Asian New Yorkers are more interested in racially diverse schools than is widely understood, according to a new survey from the Coalition for Asian American Children and Families (CACF).
“We call for a public school system that not only values diversity, inclusivity, and integration but also stands in solidarity with and empowers marginalized communities to have a voice,” reads the CACF report, “A Diverse City Needs Integrated Schools.”
The findings were released Monday, the final day for thousands of New York City middle school students to submit their applications for public high schools across the five boroughs. It comes amid an ongoing debate about racial equity in the public school system, with the survey amplifying the voices of Asian parents who are critical of specialized high schools and Gifted and Talented programs.
The end goal should be for schools that represent the city’s diversity, encourage growth and intellectual curiosity, and challenge students to explore topics deeply to be the norm for all students.
The survey includes no statistical conclusions; rather, it is a compilation of comments based on those who responded to a survey. It draws on responses from 78 Asian New Yorkers, including members of the Thai, Chinese, Indian, Bangladeshi, Filipino, Uzbek and Vietnamese communities. The majority of respondents were parents who had themselves done at least some of their K-12 schooling in New York.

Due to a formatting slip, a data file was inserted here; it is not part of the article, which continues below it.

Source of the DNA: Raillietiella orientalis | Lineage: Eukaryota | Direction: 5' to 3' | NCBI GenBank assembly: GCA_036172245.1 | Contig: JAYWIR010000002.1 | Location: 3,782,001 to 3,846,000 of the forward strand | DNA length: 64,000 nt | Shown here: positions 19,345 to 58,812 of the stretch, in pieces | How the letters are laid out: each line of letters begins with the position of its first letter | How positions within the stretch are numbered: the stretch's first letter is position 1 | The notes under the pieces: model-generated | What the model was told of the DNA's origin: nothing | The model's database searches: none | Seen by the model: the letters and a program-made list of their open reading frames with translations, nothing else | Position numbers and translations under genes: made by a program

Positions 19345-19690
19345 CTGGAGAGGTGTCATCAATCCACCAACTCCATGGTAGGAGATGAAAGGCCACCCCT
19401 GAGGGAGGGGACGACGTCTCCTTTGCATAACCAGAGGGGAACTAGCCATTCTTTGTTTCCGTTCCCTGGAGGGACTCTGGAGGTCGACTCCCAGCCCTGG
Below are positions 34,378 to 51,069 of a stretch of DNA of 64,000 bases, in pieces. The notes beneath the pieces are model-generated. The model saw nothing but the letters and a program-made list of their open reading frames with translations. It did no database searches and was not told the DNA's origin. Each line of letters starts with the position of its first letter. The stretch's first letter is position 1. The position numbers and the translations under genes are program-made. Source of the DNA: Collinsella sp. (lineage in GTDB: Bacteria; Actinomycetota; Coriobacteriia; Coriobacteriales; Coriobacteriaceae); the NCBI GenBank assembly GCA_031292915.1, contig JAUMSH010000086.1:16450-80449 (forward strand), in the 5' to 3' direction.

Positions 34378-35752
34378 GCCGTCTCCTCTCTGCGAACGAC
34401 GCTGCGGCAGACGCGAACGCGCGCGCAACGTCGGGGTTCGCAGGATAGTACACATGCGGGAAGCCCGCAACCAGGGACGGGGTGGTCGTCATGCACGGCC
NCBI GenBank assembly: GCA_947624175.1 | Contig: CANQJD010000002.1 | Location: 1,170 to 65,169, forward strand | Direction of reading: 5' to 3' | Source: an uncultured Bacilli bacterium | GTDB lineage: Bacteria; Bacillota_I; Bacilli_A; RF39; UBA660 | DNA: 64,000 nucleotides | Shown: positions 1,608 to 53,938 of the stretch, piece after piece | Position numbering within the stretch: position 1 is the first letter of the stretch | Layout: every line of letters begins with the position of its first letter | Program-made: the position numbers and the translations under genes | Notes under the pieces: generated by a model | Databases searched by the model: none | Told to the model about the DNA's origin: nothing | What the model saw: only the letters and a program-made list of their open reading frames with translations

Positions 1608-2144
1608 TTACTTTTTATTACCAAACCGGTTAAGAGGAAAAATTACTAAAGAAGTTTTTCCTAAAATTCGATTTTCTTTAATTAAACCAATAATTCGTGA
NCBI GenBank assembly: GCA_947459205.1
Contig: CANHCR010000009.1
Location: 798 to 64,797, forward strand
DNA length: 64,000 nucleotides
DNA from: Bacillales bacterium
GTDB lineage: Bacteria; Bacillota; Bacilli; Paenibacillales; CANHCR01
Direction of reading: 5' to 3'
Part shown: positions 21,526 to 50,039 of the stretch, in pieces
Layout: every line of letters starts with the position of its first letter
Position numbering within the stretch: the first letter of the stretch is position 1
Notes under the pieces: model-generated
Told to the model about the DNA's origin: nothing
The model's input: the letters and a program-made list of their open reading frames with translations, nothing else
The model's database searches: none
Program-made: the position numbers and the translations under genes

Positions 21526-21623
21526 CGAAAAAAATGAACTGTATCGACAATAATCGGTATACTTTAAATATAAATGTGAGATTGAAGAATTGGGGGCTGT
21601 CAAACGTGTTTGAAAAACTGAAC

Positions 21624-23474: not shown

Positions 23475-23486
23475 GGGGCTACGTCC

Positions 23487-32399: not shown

Vanessa Leung, CACF’s co-executive director, said the release of the survey replies was meant to counter a media narrative that often centered Chinese American voices opposing integration. The same narrative, she said, allowed the broader Asian American community to be “used as a wedge” against Black and Latino families struggling to secure a good education, while disregarding the most marginalized learners within the Asian community.
“We felt the need to uplift the voices that are often erased in conversations around ‘How do we move forward as a city in the most segregated public school system in the country?’” said Leung.
In recent years the minuscule number of Black and Latino students gaining access to the city’s specialized high schools has received considerable attention. This year, Black students comprised 20% of those who took the Specialized High School Aptitude Test (SHSAT) but only 3% of those who ultimately obtained a seat. Meanwhile, Latino students made up 25% of test applicants and just 5% of those who secured offers.
More conservative Asian New Yorkers have argued that attempts at integration, including doing away with the SHSAT, come at the expense of Asian children who have fought hard to gain a seat in one of the city’s most prestigious schools. This fear was corroborated by a 2019 report from the city’s Independent Budget Office, which found that a school integration plan for the city’s eight specialized high schools would have resulted in half as many Asian students receiving admission.
“All students should have equal rights to education, based on their merit and not on their race,” said Yiatin Chu, president of the Asian Wave Alliance, during a rally against affirmative action in Bayside, Queens last month, according to the Queens Chronicle.
But some respondents in the CACF report argue that such a view propagates the “model minority” myth, which the report defines as the “presumption that Asian Americans are naturally educationally successful.” These people claim increased diversity at New York City schools has considerable benefits for Asian students themselves, including an atmosphere that values critical thinking as well as cultural responsiveness.
“The focus of education policy must be on quality education for all,” the report stated. “The end goal should be for schools that represent the city’s diversity, encourage growth and intellectual curiosity, and challenge students to explore topics deeply to be the norm for all students.”